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Popular Japanese street foods PART 1

Often arising out of various periods of hardship, a lot of street foods are a testament to Japanese culinary ingenuity when things get tough — just like so many street foods and delicious dishes across the world.

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Often arising out of various periods of hardship, a lot of street foods are a testament to Japanese culinary ingenuity when things get tough — just like so many street foods and delicious dishes across the world. Many foods both on this list and beyond have their origins in the post-war and interwar periods, or from similarly lean times earlier in history.

Although food stalls in Japan aren’t as ubiquitous as in certain other countries — compared to, say, Singapore’s hawker centers, for example — they still play a beloved role in the country’s food culture. They’re referred to as “Yatai,” and are often associated with different seasonal festivals.

Here are some of our favorites that you’ll find at Yatai around Japan, and what makes them so dang good:


In the US, you’ll often hear people call this “chicken yakitori,” but, if we’re being honest, that’s redundant. Yakitori is chicken.

While it can be bought at some food stalls, yakitori is also associated with specialty yakitori restaurants and izakaya’s, a type of casual Japanese bar with lots of booze and shareable bites.

It’s made of small, evenly-sized portions of chicken seasoned and then slid onto a thin bamboo or metal skewer. Along with chicken thigh or breast, you can also find yakitori with ground chicken meatballs, gizzards, livers, and other parts of the chicken.

Many yakitori skewers at a time are then cooked over a charcoal grill, which gives the outside bits of crunch while keeping the inside succulent with a hint of smoke. Seasoning can be just salt, although it’s popular with sweet soy tare sauce glazed over it too, which, combined with the smokiness and juiciness of the chicken, is almost reminiscent of certain regional American barbecue methods.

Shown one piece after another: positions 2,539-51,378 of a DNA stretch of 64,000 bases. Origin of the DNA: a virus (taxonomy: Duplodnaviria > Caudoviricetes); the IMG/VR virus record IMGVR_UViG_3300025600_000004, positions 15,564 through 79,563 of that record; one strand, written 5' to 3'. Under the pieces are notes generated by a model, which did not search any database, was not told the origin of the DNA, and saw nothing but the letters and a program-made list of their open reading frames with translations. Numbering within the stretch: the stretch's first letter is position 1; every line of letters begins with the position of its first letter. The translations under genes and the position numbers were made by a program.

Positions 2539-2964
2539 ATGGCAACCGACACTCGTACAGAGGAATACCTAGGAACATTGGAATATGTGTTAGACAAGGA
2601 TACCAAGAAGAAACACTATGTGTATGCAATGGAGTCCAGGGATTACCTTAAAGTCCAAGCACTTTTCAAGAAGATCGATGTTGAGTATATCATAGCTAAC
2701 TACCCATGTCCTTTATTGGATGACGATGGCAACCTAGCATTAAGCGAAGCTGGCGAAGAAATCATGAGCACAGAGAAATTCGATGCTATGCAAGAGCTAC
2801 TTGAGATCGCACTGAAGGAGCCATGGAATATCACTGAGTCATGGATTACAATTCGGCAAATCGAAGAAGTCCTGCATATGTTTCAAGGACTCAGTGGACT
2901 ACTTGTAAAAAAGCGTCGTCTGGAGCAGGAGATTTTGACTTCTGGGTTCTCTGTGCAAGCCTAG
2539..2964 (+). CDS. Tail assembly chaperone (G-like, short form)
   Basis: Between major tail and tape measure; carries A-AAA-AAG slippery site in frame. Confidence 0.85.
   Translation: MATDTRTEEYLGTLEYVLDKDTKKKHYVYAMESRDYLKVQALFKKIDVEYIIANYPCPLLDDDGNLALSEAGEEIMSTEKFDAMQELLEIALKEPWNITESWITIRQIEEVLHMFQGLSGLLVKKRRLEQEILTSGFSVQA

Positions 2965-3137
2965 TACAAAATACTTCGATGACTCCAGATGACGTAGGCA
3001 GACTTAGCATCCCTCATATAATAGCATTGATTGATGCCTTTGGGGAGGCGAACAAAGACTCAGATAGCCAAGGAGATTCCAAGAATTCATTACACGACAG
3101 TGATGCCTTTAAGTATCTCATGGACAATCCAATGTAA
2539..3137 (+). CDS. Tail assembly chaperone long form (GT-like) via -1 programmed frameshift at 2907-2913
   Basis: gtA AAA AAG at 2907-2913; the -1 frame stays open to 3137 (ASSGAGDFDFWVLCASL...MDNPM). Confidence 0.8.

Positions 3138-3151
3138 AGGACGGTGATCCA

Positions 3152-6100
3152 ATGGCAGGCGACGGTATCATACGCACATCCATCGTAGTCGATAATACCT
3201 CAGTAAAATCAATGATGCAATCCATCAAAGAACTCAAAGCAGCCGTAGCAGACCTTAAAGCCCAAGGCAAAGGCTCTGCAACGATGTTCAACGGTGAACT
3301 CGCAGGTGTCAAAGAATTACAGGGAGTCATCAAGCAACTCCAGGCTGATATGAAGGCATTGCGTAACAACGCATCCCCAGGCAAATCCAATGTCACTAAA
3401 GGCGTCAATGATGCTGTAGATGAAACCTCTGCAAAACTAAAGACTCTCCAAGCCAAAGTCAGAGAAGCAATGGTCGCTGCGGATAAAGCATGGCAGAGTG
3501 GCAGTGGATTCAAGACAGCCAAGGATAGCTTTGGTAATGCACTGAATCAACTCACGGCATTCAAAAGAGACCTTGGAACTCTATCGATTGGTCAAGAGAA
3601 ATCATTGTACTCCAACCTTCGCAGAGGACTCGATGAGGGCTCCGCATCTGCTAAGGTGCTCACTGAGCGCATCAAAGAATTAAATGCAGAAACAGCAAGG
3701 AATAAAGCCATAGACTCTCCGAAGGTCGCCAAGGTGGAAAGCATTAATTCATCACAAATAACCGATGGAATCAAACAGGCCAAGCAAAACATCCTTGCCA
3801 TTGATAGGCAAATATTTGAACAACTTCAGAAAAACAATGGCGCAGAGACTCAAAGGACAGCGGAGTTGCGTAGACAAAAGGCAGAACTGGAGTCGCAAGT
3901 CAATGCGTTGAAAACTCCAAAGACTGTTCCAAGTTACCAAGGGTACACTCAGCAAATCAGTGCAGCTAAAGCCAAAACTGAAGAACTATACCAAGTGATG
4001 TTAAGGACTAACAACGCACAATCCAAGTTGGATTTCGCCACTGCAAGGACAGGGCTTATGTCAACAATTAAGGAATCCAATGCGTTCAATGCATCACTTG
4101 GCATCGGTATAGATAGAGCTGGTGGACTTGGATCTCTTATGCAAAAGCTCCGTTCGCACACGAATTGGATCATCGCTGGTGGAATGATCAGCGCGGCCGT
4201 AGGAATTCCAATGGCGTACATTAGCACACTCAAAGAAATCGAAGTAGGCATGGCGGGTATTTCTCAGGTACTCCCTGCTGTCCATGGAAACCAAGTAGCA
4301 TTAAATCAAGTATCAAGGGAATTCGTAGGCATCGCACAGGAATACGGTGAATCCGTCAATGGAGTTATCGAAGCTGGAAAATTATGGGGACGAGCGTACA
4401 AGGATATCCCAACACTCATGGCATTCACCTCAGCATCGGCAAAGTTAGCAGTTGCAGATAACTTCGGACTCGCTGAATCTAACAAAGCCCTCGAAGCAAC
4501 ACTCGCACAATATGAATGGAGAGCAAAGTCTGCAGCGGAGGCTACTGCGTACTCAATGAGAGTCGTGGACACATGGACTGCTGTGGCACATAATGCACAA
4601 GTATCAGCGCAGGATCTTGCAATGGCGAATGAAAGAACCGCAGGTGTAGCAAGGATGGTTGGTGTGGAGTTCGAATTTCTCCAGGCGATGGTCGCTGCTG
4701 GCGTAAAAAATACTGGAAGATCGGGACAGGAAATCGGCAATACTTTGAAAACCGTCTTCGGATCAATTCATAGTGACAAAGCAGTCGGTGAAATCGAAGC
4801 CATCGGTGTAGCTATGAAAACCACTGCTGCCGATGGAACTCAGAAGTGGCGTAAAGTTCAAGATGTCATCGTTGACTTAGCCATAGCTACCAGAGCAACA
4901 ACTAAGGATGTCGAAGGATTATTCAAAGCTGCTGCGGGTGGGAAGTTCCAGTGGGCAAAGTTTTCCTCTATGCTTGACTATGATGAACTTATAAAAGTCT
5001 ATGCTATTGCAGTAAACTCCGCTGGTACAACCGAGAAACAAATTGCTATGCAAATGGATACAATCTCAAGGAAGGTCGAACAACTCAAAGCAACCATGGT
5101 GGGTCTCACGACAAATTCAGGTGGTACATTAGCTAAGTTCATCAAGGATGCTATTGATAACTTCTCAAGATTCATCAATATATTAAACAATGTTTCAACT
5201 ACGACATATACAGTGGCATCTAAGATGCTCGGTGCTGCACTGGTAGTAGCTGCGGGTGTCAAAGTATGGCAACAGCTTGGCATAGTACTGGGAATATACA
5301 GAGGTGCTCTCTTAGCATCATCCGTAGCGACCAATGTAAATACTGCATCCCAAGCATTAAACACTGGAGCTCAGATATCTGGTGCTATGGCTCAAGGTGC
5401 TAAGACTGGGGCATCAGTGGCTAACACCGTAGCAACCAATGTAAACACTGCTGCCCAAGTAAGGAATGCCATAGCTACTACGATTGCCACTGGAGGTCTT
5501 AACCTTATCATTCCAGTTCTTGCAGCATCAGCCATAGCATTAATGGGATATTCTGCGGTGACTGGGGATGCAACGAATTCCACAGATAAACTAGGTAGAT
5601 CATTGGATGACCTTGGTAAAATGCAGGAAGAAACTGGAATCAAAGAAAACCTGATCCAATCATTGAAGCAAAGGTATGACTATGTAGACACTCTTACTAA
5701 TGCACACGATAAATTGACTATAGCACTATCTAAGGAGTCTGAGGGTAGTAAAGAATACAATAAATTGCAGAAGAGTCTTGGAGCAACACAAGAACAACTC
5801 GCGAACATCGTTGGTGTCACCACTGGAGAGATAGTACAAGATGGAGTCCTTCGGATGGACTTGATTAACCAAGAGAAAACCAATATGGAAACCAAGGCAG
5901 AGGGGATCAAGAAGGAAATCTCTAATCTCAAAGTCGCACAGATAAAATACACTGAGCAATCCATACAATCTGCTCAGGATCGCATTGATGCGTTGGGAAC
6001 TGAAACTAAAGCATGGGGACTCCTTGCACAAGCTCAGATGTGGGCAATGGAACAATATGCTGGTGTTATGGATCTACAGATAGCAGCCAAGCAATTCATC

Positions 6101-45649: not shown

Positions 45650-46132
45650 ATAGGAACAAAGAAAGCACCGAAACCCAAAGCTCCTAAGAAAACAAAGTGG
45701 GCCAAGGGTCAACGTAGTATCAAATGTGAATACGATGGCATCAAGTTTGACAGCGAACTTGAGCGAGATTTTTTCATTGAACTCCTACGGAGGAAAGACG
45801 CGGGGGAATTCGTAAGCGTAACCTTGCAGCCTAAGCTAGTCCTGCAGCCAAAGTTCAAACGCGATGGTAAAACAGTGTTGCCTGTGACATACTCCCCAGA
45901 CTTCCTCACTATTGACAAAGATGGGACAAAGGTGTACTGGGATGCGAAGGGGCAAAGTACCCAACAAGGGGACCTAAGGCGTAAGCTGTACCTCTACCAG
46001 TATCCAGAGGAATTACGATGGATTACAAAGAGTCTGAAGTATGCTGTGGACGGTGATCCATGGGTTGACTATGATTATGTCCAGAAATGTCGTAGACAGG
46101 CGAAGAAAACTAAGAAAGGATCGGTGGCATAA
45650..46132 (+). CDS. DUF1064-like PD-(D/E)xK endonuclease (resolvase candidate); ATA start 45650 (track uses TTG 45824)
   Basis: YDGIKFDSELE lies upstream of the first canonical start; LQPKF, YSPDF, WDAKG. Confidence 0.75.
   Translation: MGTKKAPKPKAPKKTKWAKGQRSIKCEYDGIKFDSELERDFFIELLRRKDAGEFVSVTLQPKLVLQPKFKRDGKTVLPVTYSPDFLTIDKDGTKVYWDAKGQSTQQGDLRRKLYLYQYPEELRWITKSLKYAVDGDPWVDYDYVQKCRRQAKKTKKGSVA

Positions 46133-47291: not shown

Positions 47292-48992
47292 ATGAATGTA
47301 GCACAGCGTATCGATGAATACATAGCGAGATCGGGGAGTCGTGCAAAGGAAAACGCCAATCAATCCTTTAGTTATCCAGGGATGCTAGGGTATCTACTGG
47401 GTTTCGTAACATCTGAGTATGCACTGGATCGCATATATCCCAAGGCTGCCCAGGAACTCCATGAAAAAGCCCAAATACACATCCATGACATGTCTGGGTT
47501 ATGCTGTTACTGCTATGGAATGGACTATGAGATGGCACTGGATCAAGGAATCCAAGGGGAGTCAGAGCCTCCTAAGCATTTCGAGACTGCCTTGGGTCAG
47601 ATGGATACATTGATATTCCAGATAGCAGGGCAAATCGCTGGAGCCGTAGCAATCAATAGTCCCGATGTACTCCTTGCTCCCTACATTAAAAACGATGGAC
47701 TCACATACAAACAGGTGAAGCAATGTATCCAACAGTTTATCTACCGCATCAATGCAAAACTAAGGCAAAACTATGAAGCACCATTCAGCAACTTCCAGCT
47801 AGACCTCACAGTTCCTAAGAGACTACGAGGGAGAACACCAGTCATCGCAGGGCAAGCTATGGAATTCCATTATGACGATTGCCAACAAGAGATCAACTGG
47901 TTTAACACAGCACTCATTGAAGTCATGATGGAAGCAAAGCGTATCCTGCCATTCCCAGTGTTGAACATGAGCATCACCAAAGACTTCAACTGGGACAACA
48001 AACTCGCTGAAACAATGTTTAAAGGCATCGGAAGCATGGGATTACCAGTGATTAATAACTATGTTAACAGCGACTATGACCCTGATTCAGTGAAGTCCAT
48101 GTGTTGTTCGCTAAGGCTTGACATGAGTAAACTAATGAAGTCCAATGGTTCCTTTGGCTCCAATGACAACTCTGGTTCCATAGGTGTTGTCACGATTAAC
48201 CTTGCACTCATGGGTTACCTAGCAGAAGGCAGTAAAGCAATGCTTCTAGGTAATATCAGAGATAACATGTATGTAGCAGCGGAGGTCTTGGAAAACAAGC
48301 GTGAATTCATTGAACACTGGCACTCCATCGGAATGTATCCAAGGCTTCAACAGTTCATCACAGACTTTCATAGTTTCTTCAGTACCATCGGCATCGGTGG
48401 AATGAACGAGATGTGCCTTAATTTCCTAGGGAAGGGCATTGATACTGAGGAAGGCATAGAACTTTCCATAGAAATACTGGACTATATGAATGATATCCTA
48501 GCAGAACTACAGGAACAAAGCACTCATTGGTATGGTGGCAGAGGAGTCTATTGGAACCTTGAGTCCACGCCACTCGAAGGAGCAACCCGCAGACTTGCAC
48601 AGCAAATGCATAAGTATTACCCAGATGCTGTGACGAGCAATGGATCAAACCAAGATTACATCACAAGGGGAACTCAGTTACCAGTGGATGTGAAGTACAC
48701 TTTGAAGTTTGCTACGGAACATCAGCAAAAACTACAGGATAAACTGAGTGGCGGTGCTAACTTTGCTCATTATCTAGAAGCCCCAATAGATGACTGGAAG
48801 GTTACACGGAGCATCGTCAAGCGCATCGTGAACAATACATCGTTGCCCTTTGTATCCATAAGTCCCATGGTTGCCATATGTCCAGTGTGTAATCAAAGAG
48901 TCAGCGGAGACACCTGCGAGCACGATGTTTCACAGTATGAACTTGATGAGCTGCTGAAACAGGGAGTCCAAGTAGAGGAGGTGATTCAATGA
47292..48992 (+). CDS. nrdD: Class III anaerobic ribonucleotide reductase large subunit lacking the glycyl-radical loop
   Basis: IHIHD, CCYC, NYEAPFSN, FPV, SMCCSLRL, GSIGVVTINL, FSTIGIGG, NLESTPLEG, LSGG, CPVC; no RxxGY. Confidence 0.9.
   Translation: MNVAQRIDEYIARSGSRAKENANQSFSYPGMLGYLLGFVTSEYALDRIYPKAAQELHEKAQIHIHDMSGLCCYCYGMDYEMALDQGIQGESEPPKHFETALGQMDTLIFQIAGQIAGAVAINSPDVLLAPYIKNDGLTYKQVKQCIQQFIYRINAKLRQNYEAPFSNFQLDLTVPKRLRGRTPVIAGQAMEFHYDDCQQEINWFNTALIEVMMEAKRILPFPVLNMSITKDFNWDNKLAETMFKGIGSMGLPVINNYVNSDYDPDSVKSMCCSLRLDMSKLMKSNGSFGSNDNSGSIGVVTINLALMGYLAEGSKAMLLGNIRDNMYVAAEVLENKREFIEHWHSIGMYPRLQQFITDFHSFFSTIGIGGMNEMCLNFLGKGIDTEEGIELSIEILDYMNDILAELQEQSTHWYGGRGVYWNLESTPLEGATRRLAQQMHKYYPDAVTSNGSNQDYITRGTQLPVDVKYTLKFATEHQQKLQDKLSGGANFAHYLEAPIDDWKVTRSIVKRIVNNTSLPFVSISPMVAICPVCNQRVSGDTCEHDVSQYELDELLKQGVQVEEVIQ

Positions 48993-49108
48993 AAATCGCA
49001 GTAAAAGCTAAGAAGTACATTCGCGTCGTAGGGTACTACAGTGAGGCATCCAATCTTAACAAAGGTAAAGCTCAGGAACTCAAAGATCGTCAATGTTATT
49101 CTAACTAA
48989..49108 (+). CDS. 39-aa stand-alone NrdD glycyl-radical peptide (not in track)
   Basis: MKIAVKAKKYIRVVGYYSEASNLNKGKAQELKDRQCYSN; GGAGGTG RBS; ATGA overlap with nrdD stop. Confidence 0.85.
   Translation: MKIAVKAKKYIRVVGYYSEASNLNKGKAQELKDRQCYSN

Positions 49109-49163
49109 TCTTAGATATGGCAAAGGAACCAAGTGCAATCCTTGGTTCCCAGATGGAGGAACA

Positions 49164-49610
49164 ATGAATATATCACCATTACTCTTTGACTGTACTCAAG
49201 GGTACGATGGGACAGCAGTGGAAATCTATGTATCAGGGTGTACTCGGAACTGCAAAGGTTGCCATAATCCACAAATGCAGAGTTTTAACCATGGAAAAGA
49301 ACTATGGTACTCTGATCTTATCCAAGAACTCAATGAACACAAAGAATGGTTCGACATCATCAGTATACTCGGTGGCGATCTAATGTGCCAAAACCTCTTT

Associated especially with Osaka, where it originated in the interwar period, Takoyaki is maybe the most famous Japanese street food. It might sound bizarre to those unfamiliar, but they’re delicious: griddle-fried octopus balls.

These are made with diced octopus and a wheat flour batter mixed with a sprinkle of ingredients like tempura scraps, ginger, and others. The batter mixture and chopped octopus are cooked on a specialty griddle — similar to what the Dutch use for their sweet Poffertjes — dotted with half-spherical indents that give Takoyaki their ball shape. They’re then rapidly flipped by an expert cook with a little skewer to finish cooking evenly.

Then, the right way to eat Takoyaki is fresh off the griddle when they’re most hot and satisfying! They’re quickly slathered with a sweet and savory Takoyaki sauce, Japanese mayonnaise, katsuobushi, and Aonori seaweed crumbles; they’re hot, slightly crispy on the outside, chewy on the inside, and then burst with a symphony of flavor that’s somehow simultaneously savory, sweet, tangy, salty, fresh and indulgent all at once!

You’ll often hear diners sucking in air to cool down their mouth while eating, because we just can’t wait for these treats to cool off.